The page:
Garm looked over the German Shepherd; the dog did indeed have a regal manner, but it was lost on Garm. Even a deer had pride that she was part of a herd! It made no difference to Death if you were a prince or a pauper, in the end you were dead. Yet this fellow wasn't a deer, Garm knew that much. He was a canine, one of them; did he have an owner like they had? Or was he feral? Tyr's mind handled these things, but Garm's mind did wonder if there were more of him. Bunches of prey meant a larger probability of capture, but competition? It was rare when he had been part of a group, but now it was just Tyr and Garm; war and death, though the odds, when one thought about it, were not against them. Garm's mind, it should also be said, didn't seem to remember or recount his times in a pack. He couldn't name another member's name, nor his owners'-but he had lived in the wild, he had learned and seen other dogs. German Shepherds were vicious, Garm remembered. He was larger than them both, but Garm only saw it as an advantage; it was easier to bite up than bite down, at least for him. Again his mind wandered. His fangs probably would fit around Skoll's neck like a collar, and Garm merely blinked at the thought. His bored countenance almost made him appear laid back, and had he been another dog, born of other ways, he may have laughed aside what he had said. But this dog, whether or not he was to die today, still stood between him and Death and still opposed him. Garm found this intolerable, but for now was dormant.
”I take it you are of these lands, then, if so, would you be able to tell us exactly where we are? ”
The Greenland Dog's skull shadowed his friends'; it too nodded, although he only copied the actions of Tyr. Garm's eyes stood on Skoll, not wavering, although he seemed to be falling asleep. He paid enough attention to the conversation to know that Tyr was asking where they were; they certainly weren't in any place Garm recognised. Then again, traveling as a wild dog and traveling as a human's comrade lead to different settings. Still, Garm would have thought to remember a place that would have been quite an erotic fantasy for him if he was of the romantic type; the blood coloured trees matched his mate well – but as he was simple minded, or so it was to be believed, he had only the thought that the place reminded him of blood. Such a place would be hard to forget, even with Garm. He could remember some things, surely, such as Tyr's name, his name, and various other bits of trivia that were needed in order to survive. But, when this German Shepherd-who would soon give his name as Skoll-introduced himself, would Garm remember? Probably not.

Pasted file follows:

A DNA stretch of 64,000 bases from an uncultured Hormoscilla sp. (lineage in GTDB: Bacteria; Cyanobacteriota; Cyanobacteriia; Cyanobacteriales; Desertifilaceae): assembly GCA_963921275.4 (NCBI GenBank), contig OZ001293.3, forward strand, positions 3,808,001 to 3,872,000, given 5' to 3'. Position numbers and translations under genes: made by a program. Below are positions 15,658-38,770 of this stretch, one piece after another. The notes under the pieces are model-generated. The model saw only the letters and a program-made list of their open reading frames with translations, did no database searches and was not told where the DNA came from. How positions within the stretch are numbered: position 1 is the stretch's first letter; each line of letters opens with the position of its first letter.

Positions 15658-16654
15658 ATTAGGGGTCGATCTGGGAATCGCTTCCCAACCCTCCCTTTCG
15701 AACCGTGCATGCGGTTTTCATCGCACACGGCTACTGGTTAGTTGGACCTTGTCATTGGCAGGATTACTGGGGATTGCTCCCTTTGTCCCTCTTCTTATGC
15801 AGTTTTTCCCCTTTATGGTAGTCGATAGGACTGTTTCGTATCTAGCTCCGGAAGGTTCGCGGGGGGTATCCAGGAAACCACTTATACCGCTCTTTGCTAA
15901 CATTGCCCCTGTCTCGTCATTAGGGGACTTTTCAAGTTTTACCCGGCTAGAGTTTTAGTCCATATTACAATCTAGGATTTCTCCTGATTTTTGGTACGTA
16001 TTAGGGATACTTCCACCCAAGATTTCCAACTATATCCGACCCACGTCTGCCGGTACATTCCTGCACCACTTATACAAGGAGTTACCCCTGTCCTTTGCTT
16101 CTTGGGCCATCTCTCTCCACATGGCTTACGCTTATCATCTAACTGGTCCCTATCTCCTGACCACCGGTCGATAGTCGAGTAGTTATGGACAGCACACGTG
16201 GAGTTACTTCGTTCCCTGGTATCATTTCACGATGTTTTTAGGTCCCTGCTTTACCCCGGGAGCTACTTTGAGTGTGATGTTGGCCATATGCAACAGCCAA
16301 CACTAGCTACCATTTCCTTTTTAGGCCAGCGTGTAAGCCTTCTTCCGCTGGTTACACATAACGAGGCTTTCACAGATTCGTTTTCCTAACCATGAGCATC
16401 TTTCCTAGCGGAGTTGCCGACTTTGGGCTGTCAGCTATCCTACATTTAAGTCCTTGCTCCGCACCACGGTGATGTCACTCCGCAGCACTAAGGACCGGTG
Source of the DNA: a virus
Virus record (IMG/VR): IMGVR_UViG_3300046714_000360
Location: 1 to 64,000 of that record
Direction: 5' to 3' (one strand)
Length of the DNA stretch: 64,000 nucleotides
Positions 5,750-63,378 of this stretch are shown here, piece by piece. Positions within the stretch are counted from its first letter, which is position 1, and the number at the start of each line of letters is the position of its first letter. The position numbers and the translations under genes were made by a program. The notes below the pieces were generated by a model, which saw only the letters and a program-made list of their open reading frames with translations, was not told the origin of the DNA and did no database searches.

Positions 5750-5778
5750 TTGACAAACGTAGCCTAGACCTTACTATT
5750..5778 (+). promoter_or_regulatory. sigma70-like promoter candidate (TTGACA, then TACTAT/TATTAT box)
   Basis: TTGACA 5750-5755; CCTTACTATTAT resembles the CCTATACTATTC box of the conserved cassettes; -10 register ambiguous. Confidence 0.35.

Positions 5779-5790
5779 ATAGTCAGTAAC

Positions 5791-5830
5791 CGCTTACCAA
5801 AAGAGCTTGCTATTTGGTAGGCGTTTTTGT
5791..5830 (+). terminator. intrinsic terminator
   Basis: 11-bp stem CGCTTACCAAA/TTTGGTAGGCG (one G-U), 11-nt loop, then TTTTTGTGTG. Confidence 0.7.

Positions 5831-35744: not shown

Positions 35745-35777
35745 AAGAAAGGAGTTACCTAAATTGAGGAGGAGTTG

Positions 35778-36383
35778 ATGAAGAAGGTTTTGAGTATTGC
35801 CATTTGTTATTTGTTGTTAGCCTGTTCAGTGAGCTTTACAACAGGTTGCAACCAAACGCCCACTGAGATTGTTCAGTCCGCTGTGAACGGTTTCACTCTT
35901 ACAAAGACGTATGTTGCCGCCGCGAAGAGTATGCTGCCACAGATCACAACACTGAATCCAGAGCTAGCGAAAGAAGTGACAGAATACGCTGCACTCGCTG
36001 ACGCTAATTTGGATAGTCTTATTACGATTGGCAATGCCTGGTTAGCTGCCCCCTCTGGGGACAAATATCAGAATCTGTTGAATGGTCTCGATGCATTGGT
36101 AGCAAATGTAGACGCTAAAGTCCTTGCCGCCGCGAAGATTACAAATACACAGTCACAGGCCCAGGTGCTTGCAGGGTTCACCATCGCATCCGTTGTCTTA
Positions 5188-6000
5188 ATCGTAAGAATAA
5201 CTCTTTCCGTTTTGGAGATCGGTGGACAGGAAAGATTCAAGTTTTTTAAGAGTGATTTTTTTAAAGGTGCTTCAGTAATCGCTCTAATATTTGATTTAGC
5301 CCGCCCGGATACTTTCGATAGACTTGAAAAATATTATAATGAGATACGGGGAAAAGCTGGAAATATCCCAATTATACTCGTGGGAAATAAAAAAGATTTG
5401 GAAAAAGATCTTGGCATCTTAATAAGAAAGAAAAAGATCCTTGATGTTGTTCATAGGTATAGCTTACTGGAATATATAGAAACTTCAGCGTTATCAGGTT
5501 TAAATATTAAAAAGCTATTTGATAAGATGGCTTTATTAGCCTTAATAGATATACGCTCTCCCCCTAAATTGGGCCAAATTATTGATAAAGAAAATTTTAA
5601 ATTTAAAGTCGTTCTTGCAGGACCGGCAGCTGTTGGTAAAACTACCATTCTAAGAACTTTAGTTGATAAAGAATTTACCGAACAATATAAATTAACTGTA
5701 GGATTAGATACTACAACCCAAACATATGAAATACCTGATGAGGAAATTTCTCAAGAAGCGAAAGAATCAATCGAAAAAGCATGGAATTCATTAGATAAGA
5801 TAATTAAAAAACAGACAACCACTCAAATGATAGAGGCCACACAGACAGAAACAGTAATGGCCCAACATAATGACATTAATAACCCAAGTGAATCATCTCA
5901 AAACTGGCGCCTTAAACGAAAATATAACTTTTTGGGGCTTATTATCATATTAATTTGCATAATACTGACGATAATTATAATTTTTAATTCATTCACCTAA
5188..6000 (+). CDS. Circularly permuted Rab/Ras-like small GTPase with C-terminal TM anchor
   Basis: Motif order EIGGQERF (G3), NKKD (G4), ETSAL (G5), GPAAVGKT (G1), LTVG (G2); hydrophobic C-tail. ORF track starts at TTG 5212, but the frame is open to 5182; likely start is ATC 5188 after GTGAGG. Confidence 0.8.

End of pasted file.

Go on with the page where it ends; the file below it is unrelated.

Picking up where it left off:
"My name is Skoll. Skoll of the Southern Alps pack, on whose land you tread. This land is claimed by Lord Raidon and Lady Hitora. Do you seek passage through it?”
Garm's head tilted slightly at the name. It held an echo of ironic familiarity, but there was more to it than that, far above the reaches of Garm's mind. What he focused on, instead, was that this dog insisted on calling these lands owned. Garm did not know the native lingo, it hardly troubled him, but Lord Raidon and Lady Hitora did not seem like 'Death' to him. He raised his head and sniffed the air slowly, catching passing whiffs of other dogs, “your leaders do not own this land. They only use it. Death owns the land, and he will come back to claim it one day.” Lowering his head, Garm's eyes looked over Skoll again; their was an essence of ominousity in his voice, but even it was blinded by the simplicity of Garm's voice. He still stared at Skoll though, with a predator's gaze. He made no aggressive movement, and in truth cared little about who owned what land, anyone could have stood where Skoll did and Garm's gaze would have remained the same. He blinked slowly, and the dull eyes were like the triggers of a gun. Although his fur did not stand, although he was not tense, he was waiting for some sort of cue from Tyr. Of course, Garm had no care of killing Skoll or anyone on these lands, had no reason to take over the lands or otherwise – but he was one to enjoy death. Without it, the world...wasn't the same for Garm. It was a boring drone of absolute nothingness of lively life and flaunting flora and fauna when he would want nothing more than the opposite. Oh woe was Garm.
Word Count: 871